Feeds:
Posts
Comments

Posts Tagged ‘Gorsse surname’

On my Ancestry DNA account I probably have more matches to this branch of the family than any other. The Mulders were also the extended family we shared holidays and visits with more than the rest. They were my mom’s aunts, uncles, and cousins. The oldest person I knew in that branch was my great-grandfather, Charles Mulder.

Peter (Pieter) and Nellie (Neeltje) were his parents, and they immigrated from Goes, Zeeland, Netherlands when Charles, their first born, was just a toddler. He had a baby brother Jan who did not survive to grow up in the United States. After moving here, they had more children.

Here are a couple posts about this couple:

Pieter the Orphan Peter was sent to the orphanage.

Mulders Everywhere This post has a lot of photos of Nellie and Peter

The Treasure that Arrived in an Email This letter was written by Peter after Nellie passed away

When I went to organize what I had on Peter and Nellie, it was pretty easy because I already had so much information. What I do not have is Peter’s obituary, and I will order it when offices open back up. They are currently closed because of the pandemic. I do have Nellie’s meager obituary. I apologize that it appears blurry. That is the best that can be done with this article from 1932. It gives the list of those that survive her, her address, about the funeral and viewing. It also mentions she was 64-years-old.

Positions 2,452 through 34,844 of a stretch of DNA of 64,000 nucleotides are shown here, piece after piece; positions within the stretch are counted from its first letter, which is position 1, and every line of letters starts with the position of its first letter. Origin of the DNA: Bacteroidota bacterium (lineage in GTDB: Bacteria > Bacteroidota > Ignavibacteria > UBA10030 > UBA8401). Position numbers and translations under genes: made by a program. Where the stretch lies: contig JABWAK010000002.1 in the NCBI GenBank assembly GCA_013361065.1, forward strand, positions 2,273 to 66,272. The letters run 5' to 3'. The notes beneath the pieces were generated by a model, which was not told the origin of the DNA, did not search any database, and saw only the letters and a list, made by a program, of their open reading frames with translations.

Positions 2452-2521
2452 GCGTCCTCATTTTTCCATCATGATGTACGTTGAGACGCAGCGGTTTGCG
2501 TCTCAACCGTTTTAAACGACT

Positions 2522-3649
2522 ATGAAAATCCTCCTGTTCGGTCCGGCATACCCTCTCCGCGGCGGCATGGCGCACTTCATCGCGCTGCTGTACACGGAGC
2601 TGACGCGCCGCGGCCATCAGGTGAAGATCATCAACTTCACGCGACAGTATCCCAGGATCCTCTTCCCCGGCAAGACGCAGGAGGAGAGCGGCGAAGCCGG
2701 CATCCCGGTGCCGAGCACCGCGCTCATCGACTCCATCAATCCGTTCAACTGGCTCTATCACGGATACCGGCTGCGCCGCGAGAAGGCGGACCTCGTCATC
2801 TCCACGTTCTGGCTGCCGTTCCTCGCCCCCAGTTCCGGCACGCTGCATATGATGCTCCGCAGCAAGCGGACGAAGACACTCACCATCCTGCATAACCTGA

From Nellie’s death certificate, we know she died of “pulmonary TB.” Her granddaughter Mary, one of Henry’s (Charles’ brother) daughters, recalled that her grandmother was sickly.  She thinks she was even sick when she came to the US from the Netherlands.  It is possible that she had TB when she emigrated to the US, and if so, very likely that she exposed/infected her family members with TB.  (info from cousin Merry)

Amberly worked on the immigration and naturalization of Peter and Nellie, but I already knew the couple had arrived on the Zaandam on 29 August 1887. There is one more piece of information we need, but I cannot order it until the archives open back up.

I also needed military information on Peter, which I did get from Yvette:

So Peter did not serve in the military. He was able to marry at age 19 and immigrate to the United States at age 21. This would not have happened if he had had to serve.

I’ve been blessed with a lot of information on Peter and Nellie. I also wrote about them in my chapbook Kin Types, imagining them as a young courting couple.

 

Read Full Post »